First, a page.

U-M’s Prison Creative Arts Project (PCAP) offers incarcerated individuals a chance to explore the arts through workshops held in area prisons and juvenile facilities. Facilitated by U-M faculty, students and community members, the workshops cover an array of topics in theater, art, film, creative writing and poetry. The project also sponsors a yearly exhibition of artwork created behind bars. This year’s exhibit is currently underway on U-M’s North Campus in the Duderstadt Center Gallery from March 22 to April 6, 2011.

View the slideshow below to see images of prisoner art, and then read on to learn more about what this exhibition means to the artists.

PCAP was founded by LSA English Professor Buzz Alexander in 1990. He recently detailed the creation of this project in the book, Is William Martinez Not Our Brother? Twenty Years of the Prison Creative Arts Project. The following excerpt is from chapter six.

Excerpt: The Meanings of the Exhibition

For the artists the exhibition means visibility. That we have imagined their creativity and walk into the space where they are warehoused, that we respect and admire them and talk with them about their art and their lives and select what they submit is huge. The public despises them, the prisons humiliate them, they have done damage in their families and communities, and we put their work on the wall in a prestigious university. An important and growing piece of them is acknowledged. Hidden away in prison, they learn that thousands of people will witness their expression of self, their images and ideas. As Nancy Jean King wrote,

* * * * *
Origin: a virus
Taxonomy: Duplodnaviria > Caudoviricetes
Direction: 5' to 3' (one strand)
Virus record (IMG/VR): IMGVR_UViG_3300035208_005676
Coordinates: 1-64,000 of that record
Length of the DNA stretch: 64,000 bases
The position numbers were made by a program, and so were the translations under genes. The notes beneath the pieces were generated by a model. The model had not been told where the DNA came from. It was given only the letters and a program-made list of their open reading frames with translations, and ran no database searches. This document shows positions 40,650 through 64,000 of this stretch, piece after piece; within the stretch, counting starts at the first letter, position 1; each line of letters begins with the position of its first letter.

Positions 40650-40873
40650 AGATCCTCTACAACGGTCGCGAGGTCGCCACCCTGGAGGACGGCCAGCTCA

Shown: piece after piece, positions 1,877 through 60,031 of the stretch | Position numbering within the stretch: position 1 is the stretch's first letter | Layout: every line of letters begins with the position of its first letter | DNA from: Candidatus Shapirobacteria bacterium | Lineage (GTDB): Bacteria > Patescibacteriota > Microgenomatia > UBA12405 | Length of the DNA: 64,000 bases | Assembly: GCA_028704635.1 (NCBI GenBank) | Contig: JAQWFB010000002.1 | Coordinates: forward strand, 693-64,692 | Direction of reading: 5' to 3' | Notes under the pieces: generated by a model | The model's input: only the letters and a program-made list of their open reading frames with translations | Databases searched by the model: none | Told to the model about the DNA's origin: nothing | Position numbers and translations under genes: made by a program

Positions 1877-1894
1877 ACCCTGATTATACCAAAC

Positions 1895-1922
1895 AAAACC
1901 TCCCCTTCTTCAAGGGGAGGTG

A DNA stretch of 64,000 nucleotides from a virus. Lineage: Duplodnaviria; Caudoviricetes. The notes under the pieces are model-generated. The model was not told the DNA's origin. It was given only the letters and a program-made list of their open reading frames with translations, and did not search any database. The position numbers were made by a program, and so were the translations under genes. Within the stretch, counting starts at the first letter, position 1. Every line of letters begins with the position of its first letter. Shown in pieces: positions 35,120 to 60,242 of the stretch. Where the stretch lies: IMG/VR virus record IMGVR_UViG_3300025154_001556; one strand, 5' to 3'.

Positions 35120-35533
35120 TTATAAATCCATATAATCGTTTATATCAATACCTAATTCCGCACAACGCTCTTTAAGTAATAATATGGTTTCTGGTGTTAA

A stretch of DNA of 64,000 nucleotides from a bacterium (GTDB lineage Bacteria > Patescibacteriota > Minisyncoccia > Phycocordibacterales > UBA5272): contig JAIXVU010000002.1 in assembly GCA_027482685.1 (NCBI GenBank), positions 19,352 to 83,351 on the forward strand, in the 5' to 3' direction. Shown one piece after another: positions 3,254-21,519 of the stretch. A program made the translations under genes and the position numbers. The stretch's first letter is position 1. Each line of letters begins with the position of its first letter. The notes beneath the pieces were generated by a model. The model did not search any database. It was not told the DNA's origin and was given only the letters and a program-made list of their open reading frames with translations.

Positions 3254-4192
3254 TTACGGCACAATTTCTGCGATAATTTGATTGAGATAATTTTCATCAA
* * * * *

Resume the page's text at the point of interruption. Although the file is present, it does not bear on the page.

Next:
One aspect to this exhibit was having the chance to display our work to the community. Not only to share our thoughts, our talents and our dreams, but to say: “This is our bridge to you, and we built it ourselves!” Because, you see, many of us want to strengthen the rungs and come across to the other side. … Expressing ourselves, sharing those expressions with a community we have been separated from, that is why we became involved. It would be such a beautiful thing if we could help to put cracks in the stereotypes and myths about prison and prisoners. If these exhibits serve to bring us and the community closer together, or make the community more receptive to us, what could be more wonderful than that?

For the artists the exhibition means stimulus. Because of it art has proliferated in Michigan prisons. New artists apprentice to old, workshops spring up, the word spreads, artists spend the entire year preparing. When we wrote to the artists asking for unique and heartfelt work, the effect was profound. In a recent evaluation, Doug Hanna talked about how this request affected him and others: